Prosperity Wealth Advisers is one entity within the Prosperity Advisers Group which spans three office location.

Disclaimer: Prosperity Wealth Advisers ABN 32 141 396 376 is an Authorised Representative and Credit Representative of Hillross Financial Services Limited, Australian Financial Services Licensee and Australian Credit Licensee Ph. 1800 445 767. Any advice contained in this document is of a general nature only and does not take into account the objectives, financial situation or needs of any particular person. Before making any decision, you should consider the appropriateness of the advice with regard to those matters. If you decide to purchase or vary a financial product, your advisers, our firm, Hillross Financial Services Limited, its associates and other companies within the AMP Group may receive fees and other benefits, which will be a dollar amount and/or a percentage of either the premium you pay or the value of your investments. Ask us for more details. If you no longer wish to receive direct marketing from us please call us on the number in this document and if you prefer not to receive services information from AMP, you may opt out by contacting AMP on 1300 157 173.

 

Paving the way for women in finance

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We all know there is a large gender gap in the finance and accounting sector. A recent report showed that in financial institutions, women are holding only 19% of senior positions, 14% of board seats, and a shocking 2% of CEO roles.

Many firms are struggling to reach appropriate levels of diversity, even though gender-diverse workplaces have been shown to perform better. While this gap has been shrinking in recent years, it is still an issue when looking at leadership positions. At Prosperity Advisers, you wouldn’t be able to tell by looking at our senior roles. Over 47% of our leadership team are women.  We sit squarely within the finance sector, and hold a total staff count of 60% women.

We have celebrated rapid growth within the company across our offices in Sydney, Newcastle and Brisbane. With this growth, there has been a strategic shift in management and staffing requirements. Prosperity is proud of our eight recent internal promotions, of which five went to women within the company – from accounting to the management team to Human Resources. The current promotions will bring the leadership team to almost 50% female.

Chief Executive, Allan McKeown said, “Our goal at Prosperity has always been to foster an environment that supports the growth and involvement of our people. We provide challenging professional experiences and deliver the right tools and support to assist our people to drive their careers forward.”

We are proud to have created a working environment in the financial sector that builds women and men up equally. Our unique work environment fosters the growth of the individual and business together.

One of the recipients of the new internal promotions is Kelly Chard. Kelly has elevated from the Business Services and Tax team to become a new Associate Director. Having worked for the firm for 10 years, Kelly is a role model to others, representing Prosperity’s equal love for mentoring others and promoting the firm’s vision.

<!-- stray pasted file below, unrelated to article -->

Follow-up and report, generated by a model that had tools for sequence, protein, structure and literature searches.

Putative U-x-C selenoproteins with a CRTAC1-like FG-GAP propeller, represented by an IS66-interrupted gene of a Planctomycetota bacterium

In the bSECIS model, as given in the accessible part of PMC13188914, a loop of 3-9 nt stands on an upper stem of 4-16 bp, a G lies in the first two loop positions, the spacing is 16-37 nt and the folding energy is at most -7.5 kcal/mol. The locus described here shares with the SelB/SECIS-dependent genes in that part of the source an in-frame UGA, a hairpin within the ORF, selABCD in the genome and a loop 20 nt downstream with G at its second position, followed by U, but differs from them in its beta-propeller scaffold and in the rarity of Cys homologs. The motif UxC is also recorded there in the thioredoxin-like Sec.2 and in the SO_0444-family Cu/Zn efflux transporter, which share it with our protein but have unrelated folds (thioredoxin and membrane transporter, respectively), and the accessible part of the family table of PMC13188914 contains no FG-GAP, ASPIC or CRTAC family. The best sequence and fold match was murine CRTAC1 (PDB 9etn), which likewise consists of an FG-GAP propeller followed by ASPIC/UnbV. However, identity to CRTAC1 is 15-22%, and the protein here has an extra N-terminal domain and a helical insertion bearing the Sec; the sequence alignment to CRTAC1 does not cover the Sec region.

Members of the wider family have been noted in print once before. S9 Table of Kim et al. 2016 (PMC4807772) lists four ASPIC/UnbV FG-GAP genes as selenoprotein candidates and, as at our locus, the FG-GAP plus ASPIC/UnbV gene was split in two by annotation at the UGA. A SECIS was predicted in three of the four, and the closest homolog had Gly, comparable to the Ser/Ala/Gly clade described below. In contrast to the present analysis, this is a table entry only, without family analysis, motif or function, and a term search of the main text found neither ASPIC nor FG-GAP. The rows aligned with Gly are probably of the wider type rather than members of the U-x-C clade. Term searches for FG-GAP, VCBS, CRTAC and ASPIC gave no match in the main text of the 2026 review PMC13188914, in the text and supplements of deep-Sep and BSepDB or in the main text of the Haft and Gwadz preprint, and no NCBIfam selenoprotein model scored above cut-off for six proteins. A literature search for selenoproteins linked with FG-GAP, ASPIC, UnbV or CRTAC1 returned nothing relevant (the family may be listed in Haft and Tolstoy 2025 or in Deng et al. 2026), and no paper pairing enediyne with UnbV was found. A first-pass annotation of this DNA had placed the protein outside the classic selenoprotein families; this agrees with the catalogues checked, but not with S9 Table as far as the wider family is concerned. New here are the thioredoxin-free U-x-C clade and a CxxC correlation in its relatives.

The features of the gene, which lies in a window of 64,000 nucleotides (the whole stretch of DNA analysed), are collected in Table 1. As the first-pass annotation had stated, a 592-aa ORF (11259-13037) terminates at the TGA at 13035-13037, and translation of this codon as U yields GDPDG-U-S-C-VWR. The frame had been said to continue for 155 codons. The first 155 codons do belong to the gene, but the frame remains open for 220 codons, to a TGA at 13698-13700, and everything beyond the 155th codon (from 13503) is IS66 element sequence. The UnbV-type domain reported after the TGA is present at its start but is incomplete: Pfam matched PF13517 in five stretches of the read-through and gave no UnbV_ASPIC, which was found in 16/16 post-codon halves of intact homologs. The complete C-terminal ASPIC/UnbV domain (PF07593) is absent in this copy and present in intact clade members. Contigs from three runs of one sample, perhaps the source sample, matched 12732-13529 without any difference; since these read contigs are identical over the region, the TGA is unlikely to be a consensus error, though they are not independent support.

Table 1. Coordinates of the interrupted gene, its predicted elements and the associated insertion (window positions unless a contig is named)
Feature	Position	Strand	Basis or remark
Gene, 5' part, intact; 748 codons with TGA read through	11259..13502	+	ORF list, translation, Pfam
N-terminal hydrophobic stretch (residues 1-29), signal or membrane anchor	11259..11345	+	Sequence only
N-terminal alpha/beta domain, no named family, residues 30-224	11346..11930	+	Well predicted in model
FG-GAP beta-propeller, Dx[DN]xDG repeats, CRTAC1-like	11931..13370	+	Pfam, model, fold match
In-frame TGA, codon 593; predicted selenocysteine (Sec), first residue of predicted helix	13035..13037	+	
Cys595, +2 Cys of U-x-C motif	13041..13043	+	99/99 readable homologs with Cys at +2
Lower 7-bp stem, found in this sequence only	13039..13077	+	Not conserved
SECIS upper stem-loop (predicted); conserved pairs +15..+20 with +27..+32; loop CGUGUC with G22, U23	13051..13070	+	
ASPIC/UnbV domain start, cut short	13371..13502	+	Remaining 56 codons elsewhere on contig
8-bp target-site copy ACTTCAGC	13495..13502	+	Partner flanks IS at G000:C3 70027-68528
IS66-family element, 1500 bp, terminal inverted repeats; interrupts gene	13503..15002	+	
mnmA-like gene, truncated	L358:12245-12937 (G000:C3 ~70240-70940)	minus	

Kelly’s career has evolved over time: “At the start of my career I thought a great accountant would just get the numbers right or find the best tax outcome. With the internal training and mentoring through Prosperity I was able to extend this mindset and focus on getting to know my clients on a more personal level so that I now advise them in far broader areas including growth planning, managing their time efficiently and financially protecting their families.”

Stephanie McCauley is another great example of the career diversity evident in Prosperity. Having worked for the firm for many years, Stephanie initially started in administration, and then moved through marketing before landing in Human Resources. She has just been promoted to Manager within the HR team. She was able to test her strengths and support our growth plans across many different departments. Highly capable, Stephanie has earned her promotion through dedication and a strong work ethic.

Katrina Brooker has been promoted to Team Leader within the firm’s Smart Drive group. Her expertise and management prowess ensures efficiency and high quality service to our clients. Kerry Kreutzer in the SMSF team has been promoted to Supervisor, and Ashley Read from our Outsourced Payroll team has been promoted to Payroll Officer. These promotions show the range and extent to which we are dedicated to raising all of our employees to their best potential selves.

When considering where to work, flexibility is a big part of the equation for professionals in today’s world. Prosperity strives to make this possible for both women and men. Kelly said, “I’ve worked part time and at times remotely to juggle my study and family commitments during my time with Prosperity which has been really important to me and my family.”

Prosperity’s Director of Human Resources, Tanya Craft says “the right cultural fit is integral to our success. We have clearly articulated our Prosperity DNA so we closely align values and beliefs with those of our team and prospective team. This alignment supports our high standards of performance and ethics and a strong culture of learning, development and achievement.”

Women are thriving in all offices at Prosperity Advisers, proving that the gender gap within the financial sector will hopefully soon be a problem of the past.